Video details

RNEU 2021: Thor Schaeff - "Show me the money" - securely accepting payments in React Native apps

React Native

This talk was presented during the React Native EU 2021 - the largest community conference in the world focused exclusively on React Native.
Abstract: Stripe enables developers to securely process payments online around the world. With cross platform frameworks such as Flutter and React Native, it can pose a challenge to provide a delightful developer experience while ensuring customer payment details are handled securely.
In this talk and demo we will explore several use cases for how to integrate payments with React Native and provide a great developer experience that’s secure and optimized for mobile purchases. In addition, we’ll cover how strong developer demand and open source contributions led to the launch of Stripe’s React Native library.
About the speaker: Thor (@thorwebdev) is a Developer Advocate at Stripe working to make processing payments seamless and help grow the GDP of the internet. In addition, Thor is an active contributor for several open source projects. Based in sunny Singapore, Thor serves as an active mentor and technical advisor to several developer-focused startups.
Twitter: GitHub:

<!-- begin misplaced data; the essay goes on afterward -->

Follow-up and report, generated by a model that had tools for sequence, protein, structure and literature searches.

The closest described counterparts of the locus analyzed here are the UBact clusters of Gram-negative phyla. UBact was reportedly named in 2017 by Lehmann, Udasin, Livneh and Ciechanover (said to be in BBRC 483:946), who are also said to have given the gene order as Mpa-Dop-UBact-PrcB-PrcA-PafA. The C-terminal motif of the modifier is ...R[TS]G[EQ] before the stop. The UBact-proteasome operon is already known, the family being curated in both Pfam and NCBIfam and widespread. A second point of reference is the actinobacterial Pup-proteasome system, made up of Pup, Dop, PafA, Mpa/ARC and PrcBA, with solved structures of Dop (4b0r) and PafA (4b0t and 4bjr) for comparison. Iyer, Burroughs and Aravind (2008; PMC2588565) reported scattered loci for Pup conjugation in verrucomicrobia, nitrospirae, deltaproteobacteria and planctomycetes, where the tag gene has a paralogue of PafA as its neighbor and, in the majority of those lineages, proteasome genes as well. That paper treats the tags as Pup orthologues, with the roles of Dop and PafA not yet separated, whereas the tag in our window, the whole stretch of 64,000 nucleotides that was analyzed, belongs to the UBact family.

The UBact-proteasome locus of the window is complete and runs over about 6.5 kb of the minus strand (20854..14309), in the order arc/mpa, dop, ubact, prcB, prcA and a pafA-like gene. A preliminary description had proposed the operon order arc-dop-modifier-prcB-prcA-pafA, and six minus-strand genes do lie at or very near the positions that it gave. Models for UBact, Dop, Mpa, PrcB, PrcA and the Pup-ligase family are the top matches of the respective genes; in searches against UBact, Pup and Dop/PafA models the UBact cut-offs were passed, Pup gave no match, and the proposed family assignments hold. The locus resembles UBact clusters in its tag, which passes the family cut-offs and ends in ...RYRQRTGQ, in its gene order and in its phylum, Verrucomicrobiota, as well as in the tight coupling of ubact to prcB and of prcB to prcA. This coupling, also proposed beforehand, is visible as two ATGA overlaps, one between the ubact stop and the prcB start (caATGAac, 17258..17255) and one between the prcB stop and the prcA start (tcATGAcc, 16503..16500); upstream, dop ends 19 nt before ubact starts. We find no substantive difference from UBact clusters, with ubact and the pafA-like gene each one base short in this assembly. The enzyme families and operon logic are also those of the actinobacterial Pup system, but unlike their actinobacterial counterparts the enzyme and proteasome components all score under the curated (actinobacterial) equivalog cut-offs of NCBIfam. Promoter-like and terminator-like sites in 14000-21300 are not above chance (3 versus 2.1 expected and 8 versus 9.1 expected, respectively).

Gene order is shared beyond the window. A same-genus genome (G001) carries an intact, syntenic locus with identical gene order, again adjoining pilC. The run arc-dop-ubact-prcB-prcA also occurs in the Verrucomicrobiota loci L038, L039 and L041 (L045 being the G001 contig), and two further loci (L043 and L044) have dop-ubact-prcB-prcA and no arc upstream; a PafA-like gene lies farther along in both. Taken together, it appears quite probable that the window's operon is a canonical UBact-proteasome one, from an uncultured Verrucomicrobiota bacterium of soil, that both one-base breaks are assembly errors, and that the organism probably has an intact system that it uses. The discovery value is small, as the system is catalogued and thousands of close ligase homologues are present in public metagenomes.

This conference is brought to you by Coltstack, React and React Native Development Experts Hello, everyone. My name is Thor. I'm a developer advocate at Stripe, and today I'm going to show you the money or at least how to securely accept payments in your React Native apps. Now, if you want to follow along in the slides, you can find them at Thor News. Reactnativeu 21. The great thing is when you have the slides, all the visuals, you can click on them and find the relevant docs or coatsnevits. Now we recently shipped our official Stripe React Native SDK, and before we take a look behind the scenes, let's kick things off with a demo of our new mobile payment sheet, implementing it into an Expo app. Now the payment sheet is this overlay that comes up and takes care of everything related to payments for you. So it securely collects car details. It has support for Apple Pay and Google Pay, and you can also add saving car details for future use, so your customers can check out even faster. Now, in order to enable this functionality, we need a server side component. I've drawn that up here. So if we want to store the details on our customer, we need to retrieve our customer here in the demo. We're just getting the latest customer from our list. Of course, in your application, do make sure that you retrieve the authenticated customer and store the details there. Next, we will need to create a shortlift thermal key. So this key is what we provide to our payment sheet so it can load the payment methods from our customer object as well as add new payment methods to it. And then lastly, we need a payment intent. So this is our actual payment object that tracks things like the amount, the currency and all those details. And so this endpoint we have here on our server just returns our payment Intent client secret to our Expo app as well as our Affirmal key secret. And then lastly, the customer ID for our authenticated customer. So now I have this server running here locally on localhost. And then I have an Expo app just running here on the iphone twelve simulator. Now my Expo app is just a simple type script Expo template here with some React navigation. And so here what we can see is our single step. And so I've just added some text here for some test cards that we can use. In our example. I have some styles here, and then I have a little fetch helper to fetch the details from our server that I just mentioned. So the client secret the thermal key and our customer ID. Okay, so to get things started, let's actually install our Stripe Reacts native library, and so to do that, let's use Exponestal. Please make sure to use Exponestal because that actually installs the corresponding version of the SDK that works with your Expo SDK. So we say Expo install Stripe stripe, React native. And then as you can see here, it now finds the version that is supported for our Expo SDK version. So in SDK 42, we use the React native library. And so now that is installed. So let's import this and we can import from our at stripe stripe React native. And so we have a convenient hook here called Use Stripe that exports all our methods that we need. And so let's go ahead and get our methods from you stripe. And since we're using TypeScript here, we can get all the type definitions and all the functions. So we need the payment sheet related ones. So that's in a payment sheet and then present payment sheet. So these are the two that we need. And then we also have a state variable here for our Loading state. Okay. So now let's go ahead and initialize our payment sheet, and we're just going to do this on page load in your app. Basically, you want to create your payment intent when the last step of the checkout, when you know the total amount and all those details. So here for convenience, we're just going to do that in our use effects when our single step view here is loaded. And then we're just going to create an async because it's an async method. We need to create a new one here. So we'll just create an Inlet function. First of all, we'll set our Loading to true so we can disable our button while we're Loading our details here. And then we're getting our details from our fetch payment sheet, fetch payment sheet params. And so this is our payments and client secret, our customer thermal key secret as well as our customer ID. Here we are. So we're fetching those from the back end, and then we are initializing our payment sheet. So let's do that. And we can say in it payment sheet. And there's a couple of things we need to provide. First of all, is the customer ID. And so that's our customer from above. Then we will need the customer thermal key secret. So we have that above. We need our payment intent client secret. And then we can specify if we want a custom flow. A custom flow allows us to separate out the selection of the payment method and the confirmation of the payment. So let's just here say we'll want to do that all in one step. So we'll say custom flow falls. We provide a merchant display name. So let's just say React Nativeu 20. And then also we want Apple Pay enabled. So we'll say Apple Pay true here. And if we say Apple Pay true, we need to provide a couple more things. We need to provide our merchant country code. Let's just set that to us for this example. And then that should be it. So with this, we can now init our payment sheet and in the payment sheet, we have an error in case there is an error. We can say first of all, once that resolves, we say set Loading is false. And then we just check if we have an error, we say if error, we will just for now console lock the error, see what's going on. Okay. So now we have our init method set up to init our payment sheet. And so lastly, we'll just need to call this in. It fabulous. So now we've got that set up. And then in the next step, we'll want a start checkout method. So we'll say start check out. So that's when our customer hits the checkout button. So it's an async method that we need again and again, set Loading to true. And now we can start our so the second step is to present our payment sheet. And here we don't need to provide because we provided all the necessary parameters in our initialization above and again. Here we can get an error. And let's say if we have an error, then we want to alert with an error message. So let's say first thing is our error code. We'll just put in the error code and we can see that there is a bunch of things that might be available on the error to inspect. So we'll save the code and then we'll just output the error. But otherwise, if we don't have an error, we can say alert success. And we can say the payment was confirmed successfully. Okay. And so lastly, we'll just need a button to start our checkout. So let's add a simple button here. Maybe we want to disable the button if we're Loading. So when we're Loading, the button is disabled. And then we want to also give it a title, and we'll just set the title to. Actually, we can say while we're Loading, we'll just set text to Loading. And otherwise we'll say check out. Great. And so now we're Loading. And now it says check out, and then we'll need an on press, and that is just our start check out. Okay. So now that we've got our parameters loaded, we can hit the check out button. And we can see here we can use Apple Pay, which then brings up the Apple Pay sheet, and then the billing details are collected via Apple Pay. But now let's actually use our Trustee 4242 card number here and we'll provide our billing details. And then here is the checkbox because we've provided the customer ID and the thermal key, so we can save this card for future payments with recognizer for you. Let's do that. Let's save that card and we're processing. And yeah, the payment was confirmed successfully. Great. So now let's actually go ahead and have a look at this on an Android device. So we're opening the Android simulator here. There we are. Let's go to our single step. Let's wait for the parameters to be loaded and we check out. And now we can see that because we're using the same customer ID. We can see the payment method has been stored on the customer, and now they just have to hit pay, and they can also pay on Android. Fabulous. So now that we know how to process payments in our apps with Stripe, let's understand when we can use Stripe because if you're selling digital products or services within your app. So, for example, subscriptions or in game currencies game levels, access to premium content, or unlocking a full version of the app, then you must use the app stores in App Purchase APIs. Please make sure that you understand for your use case. So do check out. I've linked the Apple and Google guidelines for you with more information, but for other scenarios, for example, if you're selling physical goods or physical services, you can use this SDK to process payments via Stripe. Great. So now we know how and when we can use Stripe. So let's have a quick look behind the scenes. And so here we have what I like to call the layer cake, the layer cake that is the Stripe React Native SDK. And now I'm not the artist behind this great visual. You will see actually the original I made, but my fabulous colleague Chris Troganas has made this great visual for us. So you can see the foundation. The bottom layer of the cake are our Stripe, Android and iOS native SDKs. Then on top of that, we have what I call the Native Unification coach, or Glue coach that is entailed within our Stripe React native library. And then we have the React Native bridge. And on top of that, we have our Native Stripe SDK TypeScript module. So that is what facilitates the communication between the native code and the JavaScript bridge. So all of that happens in there. And then our top layer, we have our native UI component. So our card field, our card form, our Apple and Google Pay buttons, all of those components. And then the icing on the cake, we have our hooks for convenience. And so now let's have a quick look at what I had drawn up. Definitely not as tasty, but yeah, here to recap. So the foundation layer are Native Mobile SDKs. Then we have our Native unification code and our Native Stripe SDK TypeScript module that facilitates the communication over the native bridge. So all of that put together is what we consider the native module. And then on top of that, we have some native UI components and our developer experience sugar the hooks, the icing on the cake. Great. So now let's actually dig into these layers. So first of all, why are we using Stripe's Native Mobile SDKs? You could say, hey, we're just collecting some data in our app and then sending that to an API. What's the big fuzz? But especially when you're dealing with credit card data, there is a thing called PCI compliance. And in Europe as well as strong customer authentication. And so with these native Stripe SDK. So Stripe's Native Mobile SDKs, the Android and iOS SDKs are developed with all these considerations in mind. And so by utilizing these as the foundation for our React Native library, we can make sure we give you the easiest way to PCI compliance and strong customer authentication because the Native mobile SDKs implement everything in a secure manner. And with the new 3D secure version two authentication standard, which is actually very difficult to achieve in a nonnative environment. So that's why we're using our Native mobile SDKs as the foundation for our cake. Now let's dig into the native module. So we're using React Native Native modules on iOS. We've written this in Swift. So here with the Gray background. And again, as mentioned, all these visuals are links. So when you have the slides open, you can click on it and you can get to the actual open source code for it. And so we've implemented it in Swift. You can see here we have our objective C Identifiers to make sure everything is exposed to the objective C runtime. And then we have our Stripesdk M. So our implementation, which actually then exports the module, the Stripesdk module very similar on Android. We are implementing our React module with implementing the Reactant Space Java module, and it's called Stripe SDK, and then our Stripe Native SDK TypeScript module. So we have all our types defined in there. And then what we're doing is we're getting our Stripe SDK module via the React Native Native modules, and then we're just exporting it with typecasting, so we can make sure we have the types available when you're developing in TypeScript and JavaScript for your code completion and all that convenience. Then next, our native UI components. So as I mentioned, when you're collecting card details, you really want to make sure you're doing that securely and you get the easiest way to prove your PCI compliance. And so that's why we're exposing these native UI components. Again on iOS, we have written it in Swift, and then we have the implementation. Now, the interesting thing with this is actually the native components handle all the card information, and we don't actually expose the card information to the JavaScript bridge. So all of that is handled on the native site. We're really just storing a reference to our native UI component. And then we are extracting the card information at that point and it goes directly from Native component to the Stripe API. So that's really how we can ensure the security of this. And then here you can see this is our cut field component. So we're utilizing require Native component in our React Native component implementation. And lastly, we have our developer experience sugar the icing on the cake, as I mentioned. So hooks for convenience. Really, they are just there for convenience. So if you have an order React application that you're maybe migrating over. You can import all of the methods that you need as top level import. So we're exporting all functions that you need as top level exports as well. And so the hooks really give you a little bit more convenience. So you can see here, for example, the use confirm payment hook also exposes a Loading state variable, and so you don't have to do that yourself. You can just use that Loading variable to, for example, disable your button while the payment is being confirmed. And so that's really just to give you a nicer developer experience. Now next you saw in the demo that their Stripe Direct Native SDK works with Expo, and this was really important for us because Expo is the easiest way to get started with React Native and especially with the Expo Go client. It's such a delightful experience. And so we actually partnered up with the Expo team to make this experience work with the Stripe React Native SDK. And so we're happy to say that since Expo SDK 42 and what a fantastic coincidence. 42 great number. So the strike React Native SDK is available with Expo and the Expo Go client. And as mentioned, it's important that you use Expo install so that you install the corresponding version for your Expo SDK, and then even another icing on the cake we have is the Config plug in with Expo. So that gives you a simplified set up, especially for Apple Pay and Google Pay, where you have to have permissions and configure things. And so by utilizing the config plugin, we'll take care of that in the background. And if you click on the big 42 here, you can get to the Expo blog post about the SDK 42 release and find some more information there. And now I just want to take some time and really say a big thank you. It takes a village and so a big thank you to the whole React Native community and especially to call Stack and Expo for the major contributions to this SDK. We had the SDK in a private beta for a while and we really had some members from the community provide feedback and write up issues. And that really helped us to make sure we are providing a good developer experience. So big. Thank you to all of you. We really appreciate it and we're super happy that we're able to develop this as an open source project. Okay, now that's it from me. Thanks so much for tuning in. If you have any questions, any feedback issues on the library, please do go to our open source project on GitHub and file the relevant issue there. You can also reach us on Twitter. Stripedaff you will always find someone to answer your questions or you can also find me at Thorwebdef. Thanks so much for tuning in and see you on the interwebs.